Although the Sonic Pad is pre-configured for some Creality printers, it does not support the CR-200B officially yet. Therefore, I needed to add the CR-200B as a user-defined printer to the Sonic Pad. Since the Sonic Pad needs unsupported printers to be flashed with the self-compiled Klipper firmware before connection, I flashed my CR-200B with the required Klipper firmware settings via FluiddPI by following this YouTube tutorial.
If you do not know how to write a printer configuration file for Klipper, you can download the stock CR-200B configuration file from here.
#⃣
After flashing the CR-200B with the Klipper firmware, copy the configuration file (printer.cfg) to a USB drive and connect the drive to the Sonic Pad.
#⃣
After setting up the Sonic Pad, select Other models. Then, load the printer.cfg file.
#⃣
After connecting the Sonic Pad to the CR-200B successfully via a USB cable, the Sonic Pad starts the self-testing procedure, which allows the user to test printer functions and level the bed.
#⃣
After completing setting up the printer, the Sonic Pad lets the user control all functions provided by the Klipper firmware.
#⃣
In Cura, export the sliced model in the ufp format. After uploading .ufp files to the Sonic Pad via the USB drive, it converts them to sliced G-code files automatically.
#⃣
Also, the Sonic Pad can display model preview pictures generated by Cura with the Create Thumbnail script.

Step 1.2: Assembling the case and making connections & adjustments

// Connections
// FireBeetle ESP32 :
// Arduino Mega
// D4 --------------------------- D18 (RX1)
// D2 --------------------------- D19 (TX1)
&
&
&
// Connections
// Arduino Mega :
// FireBeetle ESP32
// D18 --------------------------- D4
// D19 --------------------------- D2
// DFRobot Gravity: Electrochemical Ozone Sensor
// D20 --------------------------- SDA
// D21 --------------------------- SCL
// DFRobot Gravity: Electrochemical Nitrogen Dioxide Sensor
// D20 --------------------------- SDA
// D21 --------------------------- SCL
// SH1106 OLED Display (128x64)
// D23 --------------------------- SDA
// D22 --------------------------- SCK
// D24 --------------------------- RST
// D25 --------------------------- DC
// D26 --------------------------- CS
// DHT22 Temperature and Humidity Sensor
// D27 --------------------------- DATA
// DFRobot Anemometer Kit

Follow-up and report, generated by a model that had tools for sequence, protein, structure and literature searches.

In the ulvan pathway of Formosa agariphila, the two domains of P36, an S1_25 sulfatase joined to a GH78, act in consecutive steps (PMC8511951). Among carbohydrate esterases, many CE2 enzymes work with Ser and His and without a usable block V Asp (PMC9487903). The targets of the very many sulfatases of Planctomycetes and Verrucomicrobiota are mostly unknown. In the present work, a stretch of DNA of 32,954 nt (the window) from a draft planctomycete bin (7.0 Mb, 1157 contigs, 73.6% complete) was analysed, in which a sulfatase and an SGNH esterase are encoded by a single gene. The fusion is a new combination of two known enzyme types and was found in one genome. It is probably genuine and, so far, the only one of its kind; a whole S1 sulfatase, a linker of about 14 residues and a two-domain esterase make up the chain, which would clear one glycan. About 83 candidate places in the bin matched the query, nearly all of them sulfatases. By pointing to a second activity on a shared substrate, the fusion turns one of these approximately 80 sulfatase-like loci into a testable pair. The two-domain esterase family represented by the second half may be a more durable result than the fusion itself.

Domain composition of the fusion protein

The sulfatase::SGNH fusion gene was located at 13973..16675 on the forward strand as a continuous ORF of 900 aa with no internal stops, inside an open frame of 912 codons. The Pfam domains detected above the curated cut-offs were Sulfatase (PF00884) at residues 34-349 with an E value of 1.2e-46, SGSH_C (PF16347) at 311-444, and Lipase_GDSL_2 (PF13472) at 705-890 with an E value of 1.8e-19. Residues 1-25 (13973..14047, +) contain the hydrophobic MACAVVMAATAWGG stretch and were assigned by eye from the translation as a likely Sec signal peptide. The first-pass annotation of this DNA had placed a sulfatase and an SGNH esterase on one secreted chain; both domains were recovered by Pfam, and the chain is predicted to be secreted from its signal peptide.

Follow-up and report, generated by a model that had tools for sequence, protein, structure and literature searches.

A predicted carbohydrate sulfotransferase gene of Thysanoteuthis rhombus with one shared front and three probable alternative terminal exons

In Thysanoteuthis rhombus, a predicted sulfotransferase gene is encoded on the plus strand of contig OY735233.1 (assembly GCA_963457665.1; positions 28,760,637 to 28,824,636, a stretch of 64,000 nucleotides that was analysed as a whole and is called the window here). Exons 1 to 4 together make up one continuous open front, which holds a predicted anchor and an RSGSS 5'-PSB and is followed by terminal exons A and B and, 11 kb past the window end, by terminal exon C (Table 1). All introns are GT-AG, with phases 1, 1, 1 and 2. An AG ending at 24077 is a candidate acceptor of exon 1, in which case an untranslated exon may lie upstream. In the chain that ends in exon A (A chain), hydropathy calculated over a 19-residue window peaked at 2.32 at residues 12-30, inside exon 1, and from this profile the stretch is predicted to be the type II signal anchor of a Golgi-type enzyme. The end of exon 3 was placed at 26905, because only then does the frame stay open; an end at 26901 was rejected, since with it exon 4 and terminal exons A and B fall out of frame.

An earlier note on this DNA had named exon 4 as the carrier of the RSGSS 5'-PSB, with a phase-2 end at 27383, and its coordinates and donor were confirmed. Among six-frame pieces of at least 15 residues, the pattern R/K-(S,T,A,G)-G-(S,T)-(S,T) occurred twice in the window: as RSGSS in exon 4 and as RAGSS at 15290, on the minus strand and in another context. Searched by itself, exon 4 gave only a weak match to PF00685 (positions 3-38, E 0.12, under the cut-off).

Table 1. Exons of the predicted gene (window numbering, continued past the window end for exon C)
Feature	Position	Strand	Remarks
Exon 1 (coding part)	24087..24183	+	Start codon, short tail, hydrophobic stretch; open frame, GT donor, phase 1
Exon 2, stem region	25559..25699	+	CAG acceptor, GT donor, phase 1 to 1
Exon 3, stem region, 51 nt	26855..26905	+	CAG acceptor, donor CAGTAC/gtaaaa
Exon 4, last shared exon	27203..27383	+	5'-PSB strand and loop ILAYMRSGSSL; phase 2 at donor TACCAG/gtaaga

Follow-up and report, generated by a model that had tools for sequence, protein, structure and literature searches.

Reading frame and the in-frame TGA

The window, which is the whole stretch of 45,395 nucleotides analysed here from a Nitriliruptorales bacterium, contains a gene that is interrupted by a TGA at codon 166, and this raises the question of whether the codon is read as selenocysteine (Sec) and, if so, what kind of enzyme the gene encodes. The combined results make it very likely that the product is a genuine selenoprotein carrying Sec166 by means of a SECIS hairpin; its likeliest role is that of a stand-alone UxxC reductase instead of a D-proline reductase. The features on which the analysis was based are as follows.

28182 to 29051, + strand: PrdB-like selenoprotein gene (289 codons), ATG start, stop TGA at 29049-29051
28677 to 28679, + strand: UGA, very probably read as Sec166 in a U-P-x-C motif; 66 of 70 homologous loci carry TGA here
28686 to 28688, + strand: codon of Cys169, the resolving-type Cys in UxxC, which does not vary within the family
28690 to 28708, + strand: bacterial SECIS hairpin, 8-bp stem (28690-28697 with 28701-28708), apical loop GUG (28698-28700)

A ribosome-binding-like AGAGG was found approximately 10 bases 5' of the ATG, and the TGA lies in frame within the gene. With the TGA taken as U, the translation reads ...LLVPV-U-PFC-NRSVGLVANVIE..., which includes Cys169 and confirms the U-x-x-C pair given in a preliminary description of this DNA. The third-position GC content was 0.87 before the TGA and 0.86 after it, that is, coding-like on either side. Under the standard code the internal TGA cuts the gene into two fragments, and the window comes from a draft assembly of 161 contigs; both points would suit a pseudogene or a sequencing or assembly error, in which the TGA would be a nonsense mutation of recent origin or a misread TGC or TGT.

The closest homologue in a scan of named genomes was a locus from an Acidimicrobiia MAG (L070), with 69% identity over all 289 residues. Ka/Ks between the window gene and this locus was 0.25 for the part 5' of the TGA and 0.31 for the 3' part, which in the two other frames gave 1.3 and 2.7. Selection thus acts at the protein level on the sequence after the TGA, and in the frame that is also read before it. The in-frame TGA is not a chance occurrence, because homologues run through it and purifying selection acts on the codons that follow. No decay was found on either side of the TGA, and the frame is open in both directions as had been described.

// A0 --------------------------- S (Yellow)
// Keyes 10mm RGB LED Module (140C05)
// D2 --------------------------- R
// D3 --------------------------- G
// D4 --------------------------- B
// Control Button (A)
// D5 --------------------------- +
// Control Button (B)
// D6 --------------------------- +
// Control Button (C)
// D7 --------------------------- +
First of all, I soldered female pin headers to FireBeetle ESP32 and male pin headers to the FireBeetle (Covers) media board before attaching the OV7725 camera.
Due to the Arduino library incompatibilities and the memory allocation issues, I decided to connect the electrochemical NO2 sensor, the electrochemical ozone sensor, the anemometer kit, and the DHT22 sensor to Arduino Mega so as to collect the required air quality data. Then, I utilized Arduino Mega to transmit the collected air quality data to FireBeetle ESP32 via serial communication.
#⃣
When the electrochemical NO2 sensor and the electrochemical ozone sensor are powered up for the first time, both sensors require operating for about 24-48 hours to generate calibrated and stable gas concentrations. In my case, I was able to obtain stable results after 30 hours of warming up. Although the electrochemical sensors need to be calibrated once, they have a preheat (warm-up) time of about 5 minutes to evaluate gas concentrations accurately after being interrupted.
#⃣
Since the anemometer kit requires a 9-24V supply voltage and generates a 0-5V output voltage (signal), I connected a USB buck-boost converter board to my Xiaomi power bank to elicit a stable 20V supply voltage to power the anemometer.